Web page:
A museum in Britain has uncovered a lynx that is believed to be the infamous “Beast of Bodmin”. This finding offers proof that big cats once roamed the countryside, but it still doesn’t confirm the existence of the legendary Beast of Bodmin.
During the summer months, tales of large felines lurking around the UK countryside are a common sight. While most of these stories are dismissed as the ramblings of eccentric or imaginative individuals, scientists have unearthed evidence that suggests the presence of a massive predatory cat akin to the notorious Beast of Bodmin more than a century ago.
The Bristol Museum and Art Gallery has uncovered a remarkable find: a stuffed Canadian lynx from the early 1900s. This creature, which is twice the size of a domestic cat, was shot by a Devon landowner after it killed two dogs. Researchers from four UK universities believe that this is the earliest known example of an “alien big cat” in the British Isles. The team believes that the lynx may have been part of a traveling menagerie, since exotic animals were frequently part of such shows before zoos became more common. The analysis of the lynx’s teeth and plaque also suggests that the animal had been in captivity before it was set free. According to Dr Ross Barnett, the lead researcher from Durham University’s Department of Archaeology, “This Edwardian feral lynx provides concrete evidence that, although rare, exotic felids have occasionally been part of British fauna for more than a century.”
Currently, there is no evidence to support the idea that large felines can breed in the wild in Britain. However, a species similar to the Canadian Eurasian Lynx did inhabit the UK before becoming extinct in the 7th century. A new study published in Historical Biology debunks another popular theory surrounding the presence of big cats in Britain. It was previously thought that all of these animals were set free after the Wild Animals Act of 1976 was enforced, which banned the ownership of exotic pets. But Dr. Darren Naish, co-author of the study from the University of Southampton, suggests that such creatures have likely escaped throughout history. Many sightings of exotic big cats were reported before 1976, making it unlikely that a single law is responsible for the release of these animals in the UK.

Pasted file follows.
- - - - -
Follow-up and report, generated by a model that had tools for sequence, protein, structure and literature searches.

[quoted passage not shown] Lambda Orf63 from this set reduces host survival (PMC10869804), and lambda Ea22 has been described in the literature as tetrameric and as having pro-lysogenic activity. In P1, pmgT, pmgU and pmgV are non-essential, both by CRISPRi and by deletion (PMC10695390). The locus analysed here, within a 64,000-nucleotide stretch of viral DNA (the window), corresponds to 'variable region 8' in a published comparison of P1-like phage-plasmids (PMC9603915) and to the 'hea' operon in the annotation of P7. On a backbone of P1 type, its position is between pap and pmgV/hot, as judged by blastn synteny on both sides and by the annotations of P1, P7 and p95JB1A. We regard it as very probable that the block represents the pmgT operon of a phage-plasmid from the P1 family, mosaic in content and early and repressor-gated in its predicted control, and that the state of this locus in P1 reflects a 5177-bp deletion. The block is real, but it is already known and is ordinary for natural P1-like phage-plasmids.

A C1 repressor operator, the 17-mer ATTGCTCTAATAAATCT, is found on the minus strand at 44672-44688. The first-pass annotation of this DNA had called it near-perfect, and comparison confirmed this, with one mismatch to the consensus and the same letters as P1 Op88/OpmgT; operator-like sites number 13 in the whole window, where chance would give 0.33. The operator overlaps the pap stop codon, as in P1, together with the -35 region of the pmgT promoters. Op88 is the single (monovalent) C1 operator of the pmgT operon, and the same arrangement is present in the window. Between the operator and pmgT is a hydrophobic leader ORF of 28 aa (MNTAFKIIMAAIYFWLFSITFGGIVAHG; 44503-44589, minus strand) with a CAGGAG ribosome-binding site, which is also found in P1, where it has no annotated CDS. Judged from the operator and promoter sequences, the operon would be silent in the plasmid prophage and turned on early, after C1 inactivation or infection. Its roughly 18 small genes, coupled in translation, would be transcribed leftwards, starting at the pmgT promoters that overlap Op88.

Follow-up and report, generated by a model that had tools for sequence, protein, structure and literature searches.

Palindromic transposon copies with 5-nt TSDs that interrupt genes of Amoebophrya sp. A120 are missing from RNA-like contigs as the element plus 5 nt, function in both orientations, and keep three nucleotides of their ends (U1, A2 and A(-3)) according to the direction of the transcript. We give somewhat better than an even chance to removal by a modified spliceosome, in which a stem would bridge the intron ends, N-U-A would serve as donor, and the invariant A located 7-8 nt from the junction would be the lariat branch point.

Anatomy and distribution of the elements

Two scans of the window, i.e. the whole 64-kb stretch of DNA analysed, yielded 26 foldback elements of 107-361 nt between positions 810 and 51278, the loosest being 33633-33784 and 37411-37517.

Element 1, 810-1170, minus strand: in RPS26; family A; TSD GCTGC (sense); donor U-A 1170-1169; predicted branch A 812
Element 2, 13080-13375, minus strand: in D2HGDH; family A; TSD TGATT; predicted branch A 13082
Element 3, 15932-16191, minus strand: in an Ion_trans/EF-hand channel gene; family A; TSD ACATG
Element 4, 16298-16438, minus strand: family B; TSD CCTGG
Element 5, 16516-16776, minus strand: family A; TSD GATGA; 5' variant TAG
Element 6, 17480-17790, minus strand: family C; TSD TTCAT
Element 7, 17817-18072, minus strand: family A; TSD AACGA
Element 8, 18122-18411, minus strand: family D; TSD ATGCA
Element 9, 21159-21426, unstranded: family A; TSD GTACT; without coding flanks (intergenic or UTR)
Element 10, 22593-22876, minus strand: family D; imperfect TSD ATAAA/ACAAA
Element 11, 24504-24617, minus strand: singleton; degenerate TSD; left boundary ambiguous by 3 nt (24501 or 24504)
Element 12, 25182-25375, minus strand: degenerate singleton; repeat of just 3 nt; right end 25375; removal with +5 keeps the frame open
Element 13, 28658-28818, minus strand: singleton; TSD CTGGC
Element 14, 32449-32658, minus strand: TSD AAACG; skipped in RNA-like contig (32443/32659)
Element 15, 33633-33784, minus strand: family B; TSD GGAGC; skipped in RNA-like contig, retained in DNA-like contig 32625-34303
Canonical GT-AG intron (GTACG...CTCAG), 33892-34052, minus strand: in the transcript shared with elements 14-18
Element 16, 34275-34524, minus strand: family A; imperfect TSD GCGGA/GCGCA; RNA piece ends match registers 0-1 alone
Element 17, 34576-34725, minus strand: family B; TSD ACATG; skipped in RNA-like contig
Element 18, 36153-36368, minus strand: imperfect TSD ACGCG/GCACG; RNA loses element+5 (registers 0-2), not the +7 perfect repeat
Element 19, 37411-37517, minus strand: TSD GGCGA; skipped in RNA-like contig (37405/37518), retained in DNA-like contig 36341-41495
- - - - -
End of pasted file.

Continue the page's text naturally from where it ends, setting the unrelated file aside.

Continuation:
Frequent sightings of large feline creatures continue to be reported in various parts of the UK. The British Big Cat Society conducted a research study which showed that 2,123 sightings were reported between April 2004 and July 2005, with most sightings occurring in the South West region. Last year, during a couple’s vacation near Clacton-on-Sea in Essex, a major police search involving firearms officers, thermal imaging equipment on a helicopter, and experts from Colchester Zoo was launched after they reported spotting a large feline creature. However, the animal was never found. The Ministry of Agriculture investigated the Beast of Bodmin in 1995 but found no “verifiable evidence” of a large cat running loose despite footprints and suspected livestock kills being found. In contrast, physical evidence arose in 1980 when Felicity the puma was discovered by a farmer in Aberdeenshire. Similarly, in 1993, a leopard was reportedly killed while attacking chickens in the Isle of Wight.